President Obama survived a grueling campaign to defeat his GOP challenger, Mitt Romney, on Tuesday, but he won't have much time to savor his win. The nation will go over the so-called fiscal cliff unless Obama can help a divided Congress negotiate a debt deal before the end of the year, when $600 billion worth of automatic tax hikes and spending cuts are scheduled to take effect. Economists warn the hit will trigger another recession. Americans are bitterly split on whether Obama's victory — decisive enough in the Electoral College, but narrow in terms of the popular vote — gives him a mandate to push his agenda. Will he be able to broker a deal to stave off another economic disaster?
Brace for the fiscal cliff: With Obama hanging on to the presidency, the Dems holding the Senate, and Republicans retaining their majority in the House, says Aaron Task at Yahoo Finance, the markets are certainly bracing for a running jump off the fiscal cliff (the Dow had plummeted by 300 as of mid-day Wednesday). Obama is threatening to veto a deal that doesn't hike taxes on the rich "and Republicans [are] saying they won't agree to any tax hikes (period), [so] it's hard to see a consensus emerging anytime soon."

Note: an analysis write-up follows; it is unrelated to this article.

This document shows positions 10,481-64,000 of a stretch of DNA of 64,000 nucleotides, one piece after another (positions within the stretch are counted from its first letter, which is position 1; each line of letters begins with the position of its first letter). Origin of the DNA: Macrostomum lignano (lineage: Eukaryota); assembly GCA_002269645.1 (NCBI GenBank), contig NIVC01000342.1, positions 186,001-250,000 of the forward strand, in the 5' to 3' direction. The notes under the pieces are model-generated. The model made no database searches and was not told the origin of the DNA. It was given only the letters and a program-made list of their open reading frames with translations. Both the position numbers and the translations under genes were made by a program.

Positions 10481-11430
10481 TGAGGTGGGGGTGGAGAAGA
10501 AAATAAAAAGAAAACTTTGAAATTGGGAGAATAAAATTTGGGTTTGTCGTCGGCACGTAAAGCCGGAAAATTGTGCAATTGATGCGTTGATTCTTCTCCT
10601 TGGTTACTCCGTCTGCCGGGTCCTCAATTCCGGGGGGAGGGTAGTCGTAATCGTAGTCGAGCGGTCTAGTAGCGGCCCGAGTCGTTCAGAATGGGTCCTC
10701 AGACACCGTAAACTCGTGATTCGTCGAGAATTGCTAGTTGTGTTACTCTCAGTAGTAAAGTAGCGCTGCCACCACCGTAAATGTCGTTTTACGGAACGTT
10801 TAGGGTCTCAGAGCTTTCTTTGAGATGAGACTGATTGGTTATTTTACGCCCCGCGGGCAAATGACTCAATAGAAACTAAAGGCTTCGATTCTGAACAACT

"Markets plummet after Obama victory puts 'fiscal cliff' in focus"
Obama could break the impasse: The conventional wisdom was that Romney was better equipped to handle this, says Joe Weisenthal at The Business Insider. Conservatives trusted him to hold the line against tax hikes for the rich. The thing is, Democrats, who like those hikes as well as some defense cuts, would have had "zero incentive" to compromise. Obama, as the "man in charge," has the "incentive to compromise with Republicans" and the liberal cred to get Dems to go along.
"Almost all of the fiscal cliff analysis you're going to read is wrong — here's what Obama's win really means"
The fiscal cliff isn't even Obama's biggest problem: "The fiscal cliff may actually be the easiest one" for Obama to deal with, says Ed Yardeni at Dr. Ed's Blog. That just involves getting Republicans and Democrats to make a deal, and neither wants to go over the precipice. Resolving "the conflicts between Israel and Iran, China and Japan, and the already warring factions in Syria could be much more challenging." If just one of these crises worsens, the global recovery could crumble.
"The fiscal cliff might be the easiest problem Obama has to deal with"
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